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The weirdest tech we saw at CES 2020

This story is part of our continuing coverage of CES 2020, including tech and gadgets from the showroom floor.

Every CES, the stars of the show tend to be the glitzy TVs, swanky cars, and mighty laptops. Go spelunking in the caverns of CES, however, and you can dig up some intriguing finds. The show is home not just to big companies, but also to dreamers, innovators, and the occasional mad scientist. Here are some of the strangest things we saw at CES 2020.

Raclette robot: Scraping cheese

Robots: They build our cars, vacuum our floors, and now they even serve us delicious, melted cheese. Hailing from Switzerland, this pair of robotic arms practices the ancient art of raclette by heating up a wheel of cheese and scraping the top layer of gooey goodness onto a plate. Is the raclette industry in need of automation? Who knows? What we do know is that this machine moves with impressive finesse.

Charmin RollBot: The toilet paper delivery bot

There’s no situation more dreadful than sitting on the toilet, reaching for the TP, and realizing that you forgot to switch in a new roll. Now you’re sitting there, adrift on a sea of disaster, the situation growing more precarious by the second. Charmin’s RollBot, an adorable two-wheeler robot that can carry a roll of toilet paper, is the high-tech solution to this bathroom nightmare. Simply press a button on your phone, and RollBot will ride to your rescue. No more yelling frantically for your roommate to toss a roll your way.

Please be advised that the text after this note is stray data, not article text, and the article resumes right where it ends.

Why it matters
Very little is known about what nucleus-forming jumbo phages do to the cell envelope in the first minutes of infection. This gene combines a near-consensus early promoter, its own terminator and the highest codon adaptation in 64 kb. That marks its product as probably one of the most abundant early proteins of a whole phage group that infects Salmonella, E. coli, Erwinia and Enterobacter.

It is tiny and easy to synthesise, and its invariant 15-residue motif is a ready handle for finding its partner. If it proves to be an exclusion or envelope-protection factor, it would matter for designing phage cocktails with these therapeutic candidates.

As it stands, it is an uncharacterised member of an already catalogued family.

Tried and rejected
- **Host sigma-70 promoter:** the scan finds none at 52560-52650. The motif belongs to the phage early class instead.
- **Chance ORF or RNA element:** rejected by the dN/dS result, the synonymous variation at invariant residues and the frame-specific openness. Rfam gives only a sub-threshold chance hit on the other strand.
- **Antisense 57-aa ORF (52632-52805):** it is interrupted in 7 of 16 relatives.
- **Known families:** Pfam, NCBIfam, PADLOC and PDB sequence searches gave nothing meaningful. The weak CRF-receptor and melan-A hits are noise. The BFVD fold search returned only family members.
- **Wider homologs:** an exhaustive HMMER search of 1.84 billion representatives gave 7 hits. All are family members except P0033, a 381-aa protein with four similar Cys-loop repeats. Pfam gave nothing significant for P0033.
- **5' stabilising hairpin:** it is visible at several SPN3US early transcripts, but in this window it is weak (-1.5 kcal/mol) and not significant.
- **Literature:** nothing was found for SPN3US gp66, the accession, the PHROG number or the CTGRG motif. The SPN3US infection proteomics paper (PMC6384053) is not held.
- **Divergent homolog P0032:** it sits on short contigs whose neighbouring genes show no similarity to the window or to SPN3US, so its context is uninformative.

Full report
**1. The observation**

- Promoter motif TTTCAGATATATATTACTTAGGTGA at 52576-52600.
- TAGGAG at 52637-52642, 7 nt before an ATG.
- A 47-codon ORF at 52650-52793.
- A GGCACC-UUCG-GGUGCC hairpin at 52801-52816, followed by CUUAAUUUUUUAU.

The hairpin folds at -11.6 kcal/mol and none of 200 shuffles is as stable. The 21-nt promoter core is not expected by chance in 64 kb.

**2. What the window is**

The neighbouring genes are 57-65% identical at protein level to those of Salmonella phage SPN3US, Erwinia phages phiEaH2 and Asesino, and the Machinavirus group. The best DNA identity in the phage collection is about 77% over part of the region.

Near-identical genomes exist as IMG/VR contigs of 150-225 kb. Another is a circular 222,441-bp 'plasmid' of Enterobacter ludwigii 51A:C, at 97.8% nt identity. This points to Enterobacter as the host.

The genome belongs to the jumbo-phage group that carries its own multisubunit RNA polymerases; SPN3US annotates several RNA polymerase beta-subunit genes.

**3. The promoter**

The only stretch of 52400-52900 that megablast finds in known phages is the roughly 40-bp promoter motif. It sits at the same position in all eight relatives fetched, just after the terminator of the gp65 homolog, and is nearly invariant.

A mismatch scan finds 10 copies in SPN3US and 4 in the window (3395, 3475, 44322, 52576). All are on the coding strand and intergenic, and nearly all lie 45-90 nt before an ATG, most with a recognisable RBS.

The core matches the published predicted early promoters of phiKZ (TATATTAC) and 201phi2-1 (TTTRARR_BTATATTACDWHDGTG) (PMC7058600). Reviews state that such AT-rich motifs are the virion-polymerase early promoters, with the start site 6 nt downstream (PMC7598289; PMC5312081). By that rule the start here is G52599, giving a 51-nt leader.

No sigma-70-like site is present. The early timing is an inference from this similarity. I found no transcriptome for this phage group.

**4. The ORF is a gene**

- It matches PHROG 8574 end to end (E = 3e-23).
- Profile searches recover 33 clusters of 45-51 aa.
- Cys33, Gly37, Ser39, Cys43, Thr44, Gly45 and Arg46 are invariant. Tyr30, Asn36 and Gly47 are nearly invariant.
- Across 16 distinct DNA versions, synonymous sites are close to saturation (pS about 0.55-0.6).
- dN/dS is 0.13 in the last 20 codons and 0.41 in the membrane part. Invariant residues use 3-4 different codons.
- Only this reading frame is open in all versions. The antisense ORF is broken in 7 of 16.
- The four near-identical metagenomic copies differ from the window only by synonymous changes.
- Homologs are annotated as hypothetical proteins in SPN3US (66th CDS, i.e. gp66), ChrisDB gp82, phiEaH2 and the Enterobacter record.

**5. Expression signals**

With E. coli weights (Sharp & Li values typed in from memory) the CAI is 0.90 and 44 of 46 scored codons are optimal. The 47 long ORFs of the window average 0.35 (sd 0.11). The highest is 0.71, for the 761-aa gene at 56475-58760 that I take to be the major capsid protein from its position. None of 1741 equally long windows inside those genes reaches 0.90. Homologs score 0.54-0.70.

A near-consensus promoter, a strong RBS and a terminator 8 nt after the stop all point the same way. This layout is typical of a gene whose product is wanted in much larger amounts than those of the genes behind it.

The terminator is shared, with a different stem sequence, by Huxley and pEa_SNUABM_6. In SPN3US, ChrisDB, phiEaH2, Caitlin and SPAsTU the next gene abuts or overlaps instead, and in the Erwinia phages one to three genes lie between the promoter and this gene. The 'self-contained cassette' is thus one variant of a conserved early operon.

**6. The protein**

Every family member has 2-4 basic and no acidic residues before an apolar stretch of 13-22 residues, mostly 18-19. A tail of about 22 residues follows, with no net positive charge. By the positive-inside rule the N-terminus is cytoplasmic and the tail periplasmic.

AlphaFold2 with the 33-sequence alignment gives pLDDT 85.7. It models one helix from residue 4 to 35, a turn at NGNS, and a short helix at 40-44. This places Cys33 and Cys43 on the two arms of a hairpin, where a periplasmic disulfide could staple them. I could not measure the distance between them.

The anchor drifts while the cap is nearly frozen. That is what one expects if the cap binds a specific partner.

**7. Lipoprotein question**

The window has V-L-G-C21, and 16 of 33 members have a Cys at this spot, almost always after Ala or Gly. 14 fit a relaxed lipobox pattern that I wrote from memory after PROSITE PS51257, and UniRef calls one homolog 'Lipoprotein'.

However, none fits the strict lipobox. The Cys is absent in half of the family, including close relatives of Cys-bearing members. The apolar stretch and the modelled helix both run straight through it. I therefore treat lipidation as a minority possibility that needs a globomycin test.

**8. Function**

Fresco Eva Mini: Like a Keurig for olive oil

It’s all there in the tagline: Fresco’s Eva Mini is a Keurig-esque device that turns a flash-frozen pod into a serving of fragrant, delicious oil. Simply pop a pod into the machine, press a button, and watch as liquid emerald pours into your cup — you did remember to put a cup down, yes? According to the people at Fresco, the flash-freezing process allows the oil to retain its nutritional value and flavor, so it will be as if you were pressing olives in Calabria. Unfortunately, the Eva Mini is only for sale in Italy at the moment, although Fresco says it is looking into international distribution.

CharaChorder: The alternative to keyboards

Have you ever pondered your keyboard? Look at how strangely it’s laid out: Why QWERTY? Why WASD? The standard QWERTY layout has been around for more than a century, its reign only occasionally threatened by upstarts (it never even began for you, DVORAK). The folks at CharaChorder have a radical new vision for typing that consists of two controllers, each with nine little joysticks. Each stick has four commands — such as individual letters, or commands like “enter” — assigned to directions. Like playing a piano, you can finger multiple “keys,” pressing all the letters of a word to type that word instantaneously. It promises much faster typing than a classic keyboard, and in the demonstration I saw, the employee may as well have been playing Chopin.

Cyrcle Phone: The phone that is circular

Did you ever notice that every phone is rectangular? Look at your phone, look at your friend’s phone, look at the phone of the person sitting to your right, look at the phone of the menacing person standing right behind you. Phones and corners simply go together … or so we thought. The makers of the Cyrcle Phone offer a different vision, a rounder vision. According to the company, the phone was designed with a Gen-Z, female audience in mind. The size and shape of the Cyrcle Phone are better-suited to small hands and the shallow pockets that plague women’s pants. Allegedly, the kids these days like to listen to music together by sharing headphones, so the Cyrcle Phone has two audio jacks built in — your move, Apple!

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